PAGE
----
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\name{mxExpectationRAM}
\alias{mxExpectationRAM}
\title{Create an MxExpectationRAM Object}
\description{
This function creates an MxExpectationRAM object.
}
\usage{
mxExpectationRAM(A="A", S="S", F="F", M = NA, dimnames = NA, thresholds = NA, threshnames = dimnames)
}
\arguments{
\item{A}{A character string indicating the name of the 'A' matrix.}
\item{S}{A character string indicating the name of the 'S' matrix.}
\item{F}{A character string indicating the name of the 'F' matrix.}
\item{M}{An optional character string indicating the name of the 'M' matrix.}
\item{dimnames}{An optional character vector to be assigned to the column names of the 'F' and 'M' matrices.}
\item{thresholds}{An optional character string indicating the name of the thresholds matrix.}
\item{threshnames}{An optional character vector to be assigned to the column names of the thresholds matrix.}
}
\details{
Expectation functions define the way that model expectations are calculated. The mxExpectationRAM calculates the expected covariance and means of a given \link{MxData} object given a RAM model. This model is defined by reticular action modeling (McArdle and McDonald, 1984). The 'A', 'S', and 'F' arguments must refer to \link{MxMatrix} objects with the associated properties of the A, S, and F matrices in the RAM modeling approach.
The 'dimnames' arguments takes an optional character vector. If this argument is not a single NA, then this vector be assigned to be the column names of the 'F' matrix and optionally to the 'M' matrix, if the 'M' matrix exists.
The 'A' argument refers to the A or asymmetric matrix in the RAM approach. This matrix consists of all of the asymmetric paths (one-headed arrows) in the model. A free parameter in any row and column describes a regression of the variable represented by that row regressed on the variable represented in that column.
The 'S' argument refers to the S or symmetric matrix in the RAM approach, and as such must be square. This matrix consists of all of the symmetric paths (two-headed arrows) in the model. A free parameter in any row and column describes a covariance between the variable represented by that row and the variable represented by that column. Variances are covariances between any variable at itself, which occur on the diagonal of the specified matrix.
The 'F' argument refers to the F or filter matrix in the RAM approach. If no latent variables are included in the model (i.e., the A and S matrices are of both of the same dimension as the data matrix), then the 'F' should refer to an identity matrix. If latent variables are included (i.e., the A and S matrices are not of the same dimension as the data matrix), then the 'F' argument should consist of a horizontal adhesion of an identity matrix and a matrix of zeros.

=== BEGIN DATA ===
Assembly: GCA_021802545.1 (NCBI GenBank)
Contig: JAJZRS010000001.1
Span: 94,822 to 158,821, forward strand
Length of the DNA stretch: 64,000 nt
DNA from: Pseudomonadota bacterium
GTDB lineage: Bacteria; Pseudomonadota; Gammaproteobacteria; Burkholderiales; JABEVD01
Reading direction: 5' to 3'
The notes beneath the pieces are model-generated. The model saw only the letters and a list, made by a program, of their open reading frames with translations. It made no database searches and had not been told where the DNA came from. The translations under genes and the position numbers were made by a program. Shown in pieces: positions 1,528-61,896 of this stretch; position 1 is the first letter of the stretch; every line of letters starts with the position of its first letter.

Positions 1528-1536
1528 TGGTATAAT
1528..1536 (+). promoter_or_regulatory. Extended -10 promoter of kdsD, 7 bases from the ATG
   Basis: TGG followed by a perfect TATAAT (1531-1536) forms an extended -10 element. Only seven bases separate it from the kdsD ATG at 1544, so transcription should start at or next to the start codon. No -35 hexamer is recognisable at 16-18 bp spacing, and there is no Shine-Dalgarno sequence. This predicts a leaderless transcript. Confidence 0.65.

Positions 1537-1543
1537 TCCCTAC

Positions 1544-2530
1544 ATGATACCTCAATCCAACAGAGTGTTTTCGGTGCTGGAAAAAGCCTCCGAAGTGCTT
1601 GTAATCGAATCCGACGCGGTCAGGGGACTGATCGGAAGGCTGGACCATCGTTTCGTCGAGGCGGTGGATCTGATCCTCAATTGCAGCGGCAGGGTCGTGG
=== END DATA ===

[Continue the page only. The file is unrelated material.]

The 'M' argument refers to the M or means matrix in the RAM approach. It is a 1 x n matrix, where n is the number of manifest variables + the number of latent variables. The M matrix must be specified if either the mxData type is \dQuote{cov} or \dQuote{cor} and a means vector is provided, or if the mxData type is \dQuote{raw}. Otherwise the M matrix is ignored.
The \link{MxMatrix} objects included as arguments may be of any type, but should have the properties described above. The mxExpectationRAM will not return an error for incorrect specification, but incorrect specification will likely lead to estimation problems or errors in the \link{mxRun} function.
mxExpectationRAM evaluates with respect to an \link{MxData} object. The \link{MxData} object need not be referenced in the mxExpectationRAM function, but must be included in the \link{MxModel} object.
To evaluate, place mxExpectationRAM objects, the \link{mxData} object for which the expected covariance approximates, referenced \link{MxAlgebra} and \link{MxMatrix} objects, and optional \link{MxBounds} and \link{MxConstraint} objects in an \link{MxModel} object. This model may then be evaluated using the \link{mxRun} function. The results of the optimization can be found in the 'output' slot of the resulting model, and may be obtained using the \link{mxEval} function..
}
\value{
Returns a new MxExpectationRAM object. mxExpectationRAM objects should be included with models with referenced \link{MxAlgebra}, \link{MxData} and \link{MxMatrix} objects.
}
\references{
McArdle, J. J. and MacDonald, R. P. (1984). Some algebraic properties of the Reticular Action Model for moment structures. \emph{British Journal of Mathematical and Statistical Psychology, 37,} 234-251.
The OpenMx User's guide can be found at http://openmx.psyc.virginia.edu/documentation.
}
\examples{
# Create and fit a model using mxMatrix, mxAlgebra, mxExpectationNormal, and mxFitFunctionML
library(OpenMx)
# Simulate some data
x=rnorm(1000, mean=0, sd=1)
y= 0.5*x + rnorm(1000, mean=0, sd=1)
tmpFrame <- data.frame(x, y)
tmpNames <- names(tmpFrame)
# Define the matrices
matrixS <- mxMatrix(type = "Full", nrow = 2, ncol = 2, values=c(1,0,0,1),
free=c(TRUE,FALSE,FALSE,TRUE), labels=c("Vx", NA, NA, "Vy"), name = "S")
matrixA <- mxMatrix(type = "Full", nrow = 2, ncol = 2, values=c(0,1,0,0),
free=c(FALSE,TRUE,FALSE,FALSE), labels=c(NA, "b", NA, NA), name = "A")
matrixF <- mxMatrix(type="Iden", nrow=2, ncol=2, name="F")
matrixM <- mxMatrix(type = "Full", nrow = 1, ncol = 2, values=c(0,0),
free=c(TRUE,TRUE), labels=c("Mx", "My"), name = "M")
# Define the expectation
expFunction <- mxExpectationRAM(M="M", dimnames = tmpNames)
# Choose a fit function
fitFunction <- mxFitFunctionML()
# Define the model
tmpModel <- mxModel("exampleRAMModel", matrixA, matrixS, matrixF, matrixM, expFunction, fitFunction,
mxData(observed=tmpFrame, type="raw"))
# Fit the model and print a summary
tmpModelOut <- mxRun(tmpModel)
summary(tmpModelOut)
}